Pick your favourite jab? In most of the world choice isn’t an option
Until now, almost nobody in the UK has been able to choose which Covid vaccine they were given – even, apparently, cheerleaders for the home-grown Oxford-AstraZeneca jab such as Boris Johnson and the NHS boss, Simon Stevens, who received it very publicly in an effort to boost confidence earlier this year.
But now, all adults under 30 are to be offered an alternative to the AstraZeneca jab and the effect of that may be to undo some of Johnson and Stevens’ work. That age group – as long as they are fit and healthy – run very little risk from Covid. The reasoning is that they could possibly run a greater risk from the very rare side-effects of the jab, which are blood clots allied to low platelets. That’s not because they are more likely to get blood clots – just less likely to end up in hospital from Covid.
The blood clots causing concern are very rare, affecting four in a million people who have had the vaccine in the UK. Of 79 people who have suffered them, 19 have died, and only three of these were aged under 30. But for people over 30, the risks of Covid rise. And there is no doubt that the AstraZeneca vaccine saves lives – 6,000 so far in the UK, according to the Medicines and Healthcare products Regulatory Authority (MHRA), which approved it.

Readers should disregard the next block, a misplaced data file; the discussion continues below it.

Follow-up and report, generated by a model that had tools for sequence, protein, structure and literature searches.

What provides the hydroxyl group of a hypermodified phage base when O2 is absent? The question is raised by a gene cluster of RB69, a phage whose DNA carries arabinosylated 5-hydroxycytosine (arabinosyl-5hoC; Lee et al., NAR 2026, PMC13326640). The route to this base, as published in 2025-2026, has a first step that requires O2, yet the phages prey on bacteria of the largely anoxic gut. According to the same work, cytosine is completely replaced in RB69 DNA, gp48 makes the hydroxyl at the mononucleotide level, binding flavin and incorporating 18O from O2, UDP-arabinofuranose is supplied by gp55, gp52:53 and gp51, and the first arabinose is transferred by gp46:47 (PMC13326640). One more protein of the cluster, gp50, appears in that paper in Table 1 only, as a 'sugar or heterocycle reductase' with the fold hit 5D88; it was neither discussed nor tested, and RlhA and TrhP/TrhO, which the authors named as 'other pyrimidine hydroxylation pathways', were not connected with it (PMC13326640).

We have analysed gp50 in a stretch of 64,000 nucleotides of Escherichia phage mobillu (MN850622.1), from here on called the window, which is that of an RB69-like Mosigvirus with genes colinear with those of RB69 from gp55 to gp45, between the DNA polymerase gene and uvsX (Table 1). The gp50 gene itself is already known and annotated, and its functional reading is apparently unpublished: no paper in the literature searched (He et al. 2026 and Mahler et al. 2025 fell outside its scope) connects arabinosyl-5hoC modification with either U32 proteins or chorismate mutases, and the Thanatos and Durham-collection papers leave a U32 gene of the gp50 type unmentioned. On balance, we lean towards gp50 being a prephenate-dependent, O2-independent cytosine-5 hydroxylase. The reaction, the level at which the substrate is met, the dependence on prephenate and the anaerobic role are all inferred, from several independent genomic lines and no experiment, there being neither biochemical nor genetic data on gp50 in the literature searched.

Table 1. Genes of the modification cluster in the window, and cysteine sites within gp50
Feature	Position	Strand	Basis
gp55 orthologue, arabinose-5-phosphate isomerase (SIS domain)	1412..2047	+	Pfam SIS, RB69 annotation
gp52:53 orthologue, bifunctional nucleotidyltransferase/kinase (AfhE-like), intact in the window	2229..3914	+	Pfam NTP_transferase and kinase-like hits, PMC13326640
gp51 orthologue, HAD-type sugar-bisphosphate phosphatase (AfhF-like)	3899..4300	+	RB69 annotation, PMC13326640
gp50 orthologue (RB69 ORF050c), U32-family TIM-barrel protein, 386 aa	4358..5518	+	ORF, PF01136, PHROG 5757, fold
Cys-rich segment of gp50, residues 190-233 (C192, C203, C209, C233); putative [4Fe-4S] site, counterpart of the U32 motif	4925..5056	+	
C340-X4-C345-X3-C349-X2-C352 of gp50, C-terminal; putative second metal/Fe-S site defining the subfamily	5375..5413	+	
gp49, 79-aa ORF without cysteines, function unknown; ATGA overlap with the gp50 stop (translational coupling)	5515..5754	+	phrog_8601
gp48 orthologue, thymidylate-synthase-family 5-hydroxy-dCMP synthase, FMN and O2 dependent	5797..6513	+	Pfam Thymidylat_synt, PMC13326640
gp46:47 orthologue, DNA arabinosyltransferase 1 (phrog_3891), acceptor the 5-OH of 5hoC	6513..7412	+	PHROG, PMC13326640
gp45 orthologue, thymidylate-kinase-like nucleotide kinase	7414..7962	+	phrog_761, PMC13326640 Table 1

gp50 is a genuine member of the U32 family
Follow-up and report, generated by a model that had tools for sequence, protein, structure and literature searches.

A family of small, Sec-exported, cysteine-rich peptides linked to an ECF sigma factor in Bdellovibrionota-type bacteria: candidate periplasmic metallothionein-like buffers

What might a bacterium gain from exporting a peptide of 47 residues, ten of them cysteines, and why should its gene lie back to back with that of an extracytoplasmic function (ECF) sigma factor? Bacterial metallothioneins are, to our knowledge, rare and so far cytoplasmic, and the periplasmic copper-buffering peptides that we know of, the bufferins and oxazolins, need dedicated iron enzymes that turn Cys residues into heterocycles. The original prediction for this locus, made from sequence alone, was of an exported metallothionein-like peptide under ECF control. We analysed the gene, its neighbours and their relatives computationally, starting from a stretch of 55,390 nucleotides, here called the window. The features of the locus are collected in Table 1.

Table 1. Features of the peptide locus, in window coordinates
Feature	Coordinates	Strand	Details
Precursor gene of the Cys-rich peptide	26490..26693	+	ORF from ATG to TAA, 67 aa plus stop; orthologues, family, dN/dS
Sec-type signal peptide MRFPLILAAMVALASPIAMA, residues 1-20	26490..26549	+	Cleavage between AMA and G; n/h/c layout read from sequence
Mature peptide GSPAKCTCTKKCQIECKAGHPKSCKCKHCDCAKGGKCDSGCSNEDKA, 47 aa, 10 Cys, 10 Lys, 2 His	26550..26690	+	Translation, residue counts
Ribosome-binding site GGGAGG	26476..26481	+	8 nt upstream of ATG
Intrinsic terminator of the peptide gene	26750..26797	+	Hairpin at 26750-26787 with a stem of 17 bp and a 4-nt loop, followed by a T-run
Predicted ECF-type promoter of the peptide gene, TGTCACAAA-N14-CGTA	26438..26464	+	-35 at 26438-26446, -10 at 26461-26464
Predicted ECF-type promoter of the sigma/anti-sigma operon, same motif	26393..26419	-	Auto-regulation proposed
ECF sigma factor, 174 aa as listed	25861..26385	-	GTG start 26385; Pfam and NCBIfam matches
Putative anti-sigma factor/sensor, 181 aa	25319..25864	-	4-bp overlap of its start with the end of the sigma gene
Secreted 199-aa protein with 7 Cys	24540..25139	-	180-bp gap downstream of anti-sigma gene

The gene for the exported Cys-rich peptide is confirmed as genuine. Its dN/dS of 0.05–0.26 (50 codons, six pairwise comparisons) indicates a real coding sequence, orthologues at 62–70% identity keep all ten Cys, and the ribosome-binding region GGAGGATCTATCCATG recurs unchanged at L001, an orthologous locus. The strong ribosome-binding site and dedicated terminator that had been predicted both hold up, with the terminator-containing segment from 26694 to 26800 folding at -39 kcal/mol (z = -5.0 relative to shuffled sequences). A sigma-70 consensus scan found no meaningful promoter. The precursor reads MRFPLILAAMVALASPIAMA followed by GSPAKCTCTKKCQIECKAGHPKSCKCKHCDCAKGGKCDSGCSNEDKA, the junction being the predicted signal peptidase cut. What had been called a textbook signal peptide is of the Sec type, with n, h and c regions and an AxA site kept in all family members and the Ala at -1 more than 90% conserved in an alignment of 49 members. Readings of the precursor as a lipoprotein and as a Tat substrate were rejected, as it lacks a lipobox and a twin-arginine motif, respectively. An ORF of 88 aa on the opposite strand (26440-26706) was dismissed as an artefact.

It’s not the MHRA which has said young adults should have the choice of an alternative. Both the UK regulator and its EU equivalent, the European Medicines Agency, say the vaccine is safe and effective, the side-effects are rare and people should carry on having it. It is the Joint Committee on Vaccines and Immunisation, an independent body of scientists which advises the government, that has recommended giving the under-30s another option.
So far, people in the UK have gratefully accepted whichever vaccine they are offered. You are not told until you arrive at the vaccination centre which one it will be. The actual differences in efficacy between the AstraZeneca and Pfizer jabs are slight – the variation has as much to do with technicalities such as the definition of illness in the trials.
But it’s easy to imagine that people’s readiness to have what they are given may change. The “course correction”, as England’s deputy chief medical officer, Prof Jonathan Van-Tam, calls it, may be slight but it will probably have a disproportionate impact on confidence – not just in the UK, where there are other vaccine options, but in parts of the world where there are not, and where the affordable and easy-to-use AstraZeneca vaccine is the only life-saver available.